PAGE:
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Understanding Policy-based authorization in ASP.NET Core

Understanding Policy-based authorization in ASP.NET Core

Application security is a vital piece of our overall success as developers. Many of us have learned and applied role-based or claim-based authorization. Overall, this has been “good enough”. Unfortunately, there are still many use-cases it can’t handle gracefully. We call one approach that solves these use-cases policy-based authorization.

Today we’re applying policy-based authorization in ASP.NET Core and understanding what exactly that means. You can find the code for today’s post on Github.

Before we get started…

Before we start diving into the meat of this post, I feel it is important to make sure we clear up some terminology and concepts. First of all, there is a difference between authentication and authorization. We define Authentication as “we know you are who you say you are.” On the other hand, we define Authorization as “we know what you’re allowed to do”.

I imagine you’re familiar with role-based authorization. Role-based authorization simply states that we allow access based on the authenticated user’s roles. Users with a matching role have access. Those without, don’t.

You might also be familiar with claim-based authorization. A role is a type of claim, but it isn’t the only claim type. We could look for a claim based on their country, language, or really, anything.

Now that we have a basic understanding of some types of authorization usually in place. We also understand the difference between authentication and authorization. So, let us proceed.

What is policy-based authorization?

Let’s borrow from Microsoft’s definition: policy-based authorization “…consists of one or more requirements.” Requirements can be anything! A role. Maybe a claim. Possibly a combination of the two. Possibly something else. Essentially, any check you wish to apply as a gatekeeper becomes a valid requirement. Allow that to sink in. Do you realize just how powerful this is?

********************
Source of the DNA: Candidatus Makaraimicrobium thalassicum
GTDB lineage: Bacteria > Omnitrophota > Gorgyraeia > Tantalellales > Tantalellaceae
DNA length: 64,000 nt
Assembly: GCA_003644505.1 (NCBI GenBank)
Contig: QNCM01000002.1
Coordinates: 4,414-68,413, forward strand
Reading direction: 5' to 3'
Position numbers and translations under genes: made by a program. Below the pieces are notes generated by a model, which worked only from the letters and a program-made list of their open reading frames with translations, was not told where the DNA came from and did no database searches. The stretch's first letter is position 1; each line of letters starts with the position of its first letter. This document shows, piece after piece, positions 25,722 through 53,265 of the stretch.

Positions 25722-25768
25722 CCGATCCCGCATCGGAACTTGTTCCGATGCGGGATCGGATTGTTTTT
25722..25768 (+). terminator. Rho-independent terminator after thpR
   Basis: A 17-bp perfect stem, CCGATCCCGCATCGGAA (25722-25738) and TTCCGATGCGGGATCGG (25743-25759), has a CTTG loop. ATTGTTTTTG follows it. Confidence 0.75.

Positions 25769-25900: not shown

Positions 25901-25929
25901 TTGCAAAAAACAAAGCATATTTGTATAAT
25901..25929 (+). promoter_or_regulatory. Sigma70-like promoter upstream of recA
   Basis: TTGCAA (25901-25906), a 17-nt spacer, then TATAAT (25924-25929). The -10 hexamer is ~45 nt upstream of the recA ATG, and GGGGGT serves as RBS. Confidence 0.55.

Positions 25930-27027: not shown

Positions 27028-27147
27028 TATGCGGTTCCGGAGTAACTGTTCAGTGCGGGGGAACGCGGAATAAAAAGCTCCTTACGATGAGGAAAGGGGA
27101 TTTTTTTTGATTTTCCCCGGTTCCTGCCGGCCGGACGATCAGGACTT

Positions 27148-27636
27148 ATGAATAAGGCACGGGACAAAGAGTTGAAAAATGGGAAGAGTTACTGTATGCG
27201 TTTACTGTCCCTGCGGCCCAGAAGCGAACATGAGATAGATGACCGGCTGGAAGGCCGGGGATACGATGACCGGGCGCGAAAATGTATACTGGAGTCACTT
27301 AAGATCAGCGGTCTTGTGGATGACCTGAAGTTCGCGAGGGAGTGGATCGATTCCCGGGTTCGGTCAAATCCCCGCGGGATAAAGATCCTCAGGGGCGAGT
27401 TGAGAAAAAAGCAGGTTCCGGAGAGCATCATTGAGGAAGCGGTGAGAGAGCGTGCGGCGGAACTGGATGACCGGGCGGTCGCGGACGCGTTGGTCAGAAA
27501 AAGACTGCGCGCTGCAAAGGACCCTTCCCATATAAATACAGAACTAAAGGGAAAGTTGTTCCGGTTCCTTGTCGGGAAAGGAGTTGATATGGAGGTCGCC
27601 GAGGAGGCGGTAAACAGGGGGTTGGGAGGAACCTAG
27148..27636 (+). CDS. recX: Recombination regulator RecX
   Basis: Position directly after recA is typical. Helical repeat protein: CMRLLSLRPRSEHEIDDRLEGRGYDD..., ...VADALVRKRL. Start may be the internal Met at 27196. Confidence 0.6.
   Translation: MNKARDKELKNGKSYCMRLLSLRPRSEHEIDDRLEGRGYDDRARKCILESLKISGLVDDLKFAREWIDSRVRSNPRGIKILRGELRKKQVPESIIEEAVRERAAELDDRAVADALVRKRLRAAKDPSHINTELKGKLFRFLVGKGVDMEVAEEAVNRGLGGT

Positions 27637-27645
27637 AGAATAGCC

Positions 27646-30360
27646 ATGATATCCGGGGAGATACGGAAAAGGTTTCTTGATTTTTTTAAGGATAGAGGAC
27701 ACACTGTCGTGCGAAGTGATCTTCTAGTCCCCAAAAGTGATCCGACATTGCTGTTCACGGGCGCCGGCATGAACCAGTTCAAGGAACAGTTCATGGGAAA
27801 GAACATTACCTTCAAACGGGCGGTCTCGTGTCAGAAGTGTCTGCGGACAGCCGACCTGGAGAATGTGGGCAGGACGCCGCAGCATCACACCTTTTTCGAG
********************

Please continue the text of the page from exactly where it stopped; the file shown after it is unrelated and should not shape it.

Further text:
Out of the box, ASP.NET Core Authorization has a default policy that allows any authenticated users. In the past, you’ve likely modified this by adding an Authorize attribute at a controller or attribute level. This attribute would likely have contained one or more roles.

In the new world, however, instead of specifying roles, you’d add an Authorize attribute that specifies a Policy. One important note here is that having multiple Authorize attributes — whether a combination from Controller and Action level or multiple at either level — is additive in nature. This means that each one must pass to gain access.

Let’s get started

Let’s dig in now that we have a rudimentary understanding of what policy-based authorization is! We start by implementing authentication. In my example, I’m using Basic Authentication and API Key authentication schemes. In a real-world application, you will not use Basic Authentication. That’s a no-no.

services
	.AddAuthentication(AuthenticationSchemes.BasicAuthentication)
	.AddScheme<BasicAuthenticationSchemeOptions, BasicAuthenticationHandler>(AuthenticationSchemes.BasicAuthentication, null)
	.AddScheme<ApiKeyAuthenticationSchemeOptions, ApiKeyAuthenticationHandler>(AuthenticationSchemes.ApiKey,
		opts => Configuration.Bind("App", opts));

In the previous code block, I’m adding authentication and specifying the default scheme as BasicAuthentication. The application applies the default scheme only when a scheme isn’t specifically requested. I specify a default scheme in this case. You aren’t required to do so, however. Finally, you’ll notice that I’m adding the handlers for the two different authentication schemes.